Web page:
A tax hike from Brewer?

by David Safier

A Republic article suggests that Gov. Jan might hold a special election in spring to see if people like the idea of a tax hike.

The article needs a whole lot of deconstruction to decide whether the Gov really wants a tax hike to pass.

If the voters get a distasteful tax bill with tax hikes that hurt people who can least afford it, the thing will probably go down. And honestly, what's the chance we'll get a measure that raises taxes intelligently out of the governor's office? Then the Republicans can say, "See? People don't want tax hikes. It's time to cut more money from schools."

Another part of the measure she's talking about (this is all in the trial balloon phase) would remove voter protections placed on programs approved by ballot measures. This passage gives an idea of what would happen if the protections were lifted:

That means voter-approved initiatives such as First Things First are largely off-limits to legislative cuts. In 2006, First Things First succeeded in getting Arizona voters to approve an increase in tobacco taxes to fund a series of programs for early-childhood education. As of the end of fiscal 2008, the programs had more than $230 million in their coffers – funding now being eyed by Brewer's allies and legislators looking for alternatives to deeper cuts in other state services.

That's because, although First Things First and other programs born from initiative have been spared, legislators have been forced to find cuts amid the one-third of the budget uncovered by either initiative protections or federal, court or statutory mandates.

You can find more about Republicans' desire to steal money from children by raiding the First Things First fund here.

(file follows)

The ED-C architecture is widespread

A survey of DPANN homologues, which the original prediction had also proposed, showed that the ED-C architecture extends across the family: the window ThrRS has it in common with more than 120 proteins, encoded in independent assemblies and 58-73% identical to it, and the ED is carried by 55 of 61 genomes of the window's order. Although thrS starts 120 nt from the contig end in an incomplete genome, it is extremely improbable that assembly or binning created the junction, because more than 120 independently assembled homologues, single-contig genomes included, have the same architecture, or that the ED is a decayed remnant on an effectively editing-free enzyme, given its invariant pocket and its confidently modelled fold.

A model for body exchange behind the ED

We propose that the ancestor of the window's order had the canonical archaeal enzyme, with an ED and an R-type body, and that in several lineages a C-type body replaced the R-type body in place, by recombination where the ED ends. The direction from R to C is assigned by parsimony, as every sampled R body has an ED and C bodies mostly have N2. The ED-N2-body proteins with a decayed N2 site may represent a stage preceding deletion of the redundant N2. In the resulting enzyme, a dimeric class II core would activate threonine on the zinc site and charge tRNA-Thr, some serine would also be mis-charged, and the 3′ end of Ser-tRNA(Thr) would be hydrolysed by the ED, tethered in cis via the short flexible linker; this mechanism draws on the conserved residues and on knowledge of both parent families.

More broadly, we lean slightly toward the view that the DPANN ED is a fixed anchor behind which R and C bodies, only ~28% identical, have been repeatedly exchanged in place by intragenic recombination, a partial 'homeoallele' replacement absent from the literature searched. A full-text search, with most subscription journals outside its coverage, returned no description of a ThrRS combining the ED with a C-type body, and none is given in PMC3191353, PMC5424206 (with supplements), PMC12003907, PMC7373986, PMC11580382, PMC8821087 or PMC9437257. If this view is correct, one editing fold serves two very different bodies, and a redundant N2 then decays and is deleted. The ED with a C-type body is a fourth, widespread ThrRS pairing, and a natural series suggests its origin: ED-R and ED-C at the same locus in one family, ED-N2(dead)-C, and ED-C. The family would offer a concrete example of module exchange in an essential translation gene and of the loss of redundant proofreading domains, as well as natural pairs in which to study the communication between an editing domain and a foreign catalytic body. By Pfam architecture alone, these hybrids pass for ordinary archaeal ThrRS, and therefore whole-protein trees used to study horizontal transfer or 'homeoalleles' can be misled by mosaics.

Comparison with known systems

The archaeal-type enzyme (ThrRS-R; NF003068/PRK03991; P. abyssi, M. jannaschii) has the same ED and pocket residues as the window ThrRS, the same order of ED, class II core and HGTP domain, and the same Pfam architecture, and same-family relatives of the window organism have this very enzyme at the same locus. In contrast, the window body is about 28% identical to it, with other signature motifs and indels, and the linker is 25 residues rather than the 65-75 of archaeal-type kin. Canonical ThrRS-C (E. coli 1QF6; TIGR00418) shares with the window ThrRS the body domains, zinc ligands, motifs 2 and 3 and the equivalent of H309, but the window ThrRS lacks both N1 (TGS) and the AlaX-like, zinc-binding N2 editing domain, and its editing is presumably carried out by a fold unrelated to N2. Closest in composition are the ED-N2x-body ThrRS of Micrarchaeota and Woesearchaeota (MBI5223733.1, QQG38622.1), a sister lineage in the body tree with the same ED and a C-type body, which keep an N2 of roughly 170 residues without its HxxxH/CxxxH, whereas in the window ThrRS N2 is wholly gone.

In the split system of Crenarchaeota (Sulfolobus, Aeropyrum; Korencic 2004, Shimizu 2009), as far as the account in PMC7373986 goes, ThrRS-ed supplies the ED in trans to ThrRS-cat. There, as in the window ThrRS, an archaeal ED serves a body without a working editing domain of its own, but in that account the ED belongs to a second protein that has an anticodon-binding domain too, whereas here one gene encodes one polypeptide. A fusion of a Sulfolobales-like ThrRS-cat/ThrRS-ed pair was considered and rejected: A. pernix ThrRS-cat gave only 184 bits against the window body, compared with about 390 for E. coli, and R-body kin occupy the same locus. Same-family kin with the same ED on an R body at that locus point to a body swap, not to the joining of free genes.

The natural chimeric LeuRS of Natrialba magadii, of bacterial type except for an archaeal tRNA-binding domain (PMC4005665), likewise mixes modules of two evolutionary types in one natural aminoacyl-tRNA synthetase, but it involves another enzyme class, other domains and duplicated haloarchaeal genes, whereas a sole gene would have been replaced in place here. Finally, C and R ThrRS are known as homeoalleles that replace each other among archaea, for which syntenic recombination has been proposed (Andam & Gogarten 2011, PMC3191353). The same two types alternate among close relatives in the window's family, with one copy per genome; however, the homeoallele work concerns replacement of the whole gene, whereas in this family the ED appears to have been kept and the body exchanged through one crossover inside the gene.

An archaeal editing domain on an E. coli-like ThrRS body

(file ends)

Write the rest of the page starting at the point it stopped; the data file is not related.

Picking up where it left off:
Since lots of people who would be for tax hikes would be against removing the protections, the chances for the measure to go down increase.

(By the way, isn't there something that says a ballot measure can only be about one thing? Can it be written to include both tax hikes and removal of voter protections? Some one explain this to me, please.)

Brewer needs to look like a moderate for the 2010 governor's race. This may be a way to appear centrist without offending the anti-tax crowd. And the blame for the draconian cuts can be shifted to the voters. Neat trick, if that's what she's doing.

4 responses to “A tax hike from Brewer?

  1. Thane ,
    You don’t understand this at all. Brewer is worried that when whole parts of government start shutting down next year she will be blamed and will be more unpopular than our last president. So are many GOP members in the leg, they are just unable to say so publicly.

  2. My opinion is that Brewer doesn’t favor increased taxes and is only suggesting a initiative to raise taxes to avoid negative MSM press come election time. Whether that pans out I don’t know. At least one modern day main stream newspaper in Arizona may not exist come the tribulations of election season 15 months from now.
    Far all anybody knows it may be an effort to find out which legislators would be willing to vote for a referred tax increase and then have Brewer veto it, giving one more piece of information to voters come November 2010 as to who is _really_ in favor of letting people spend their own money and who really thinks that government should be doing the spending for them.

  3. Arizona has a single subject requirement, which means that an initiative can only address one issue.


    In this context, this means there would have to be one ballot for the tax hike and a separate ballot for making changes to the voter protection act.

    btw, I am the only Arizona resident who regularly updates the Ballotpedia pages for our state. (http://ballotpedia.org/wiki/index.php/Arizona)

    The more people who pitch in, the better the Ballotpedia pages will be.

  4. Antenori is also in favor of a ballot measure to increase taxes. I think that his call for the measure is disingenuous, there is no way he would support passing the measure.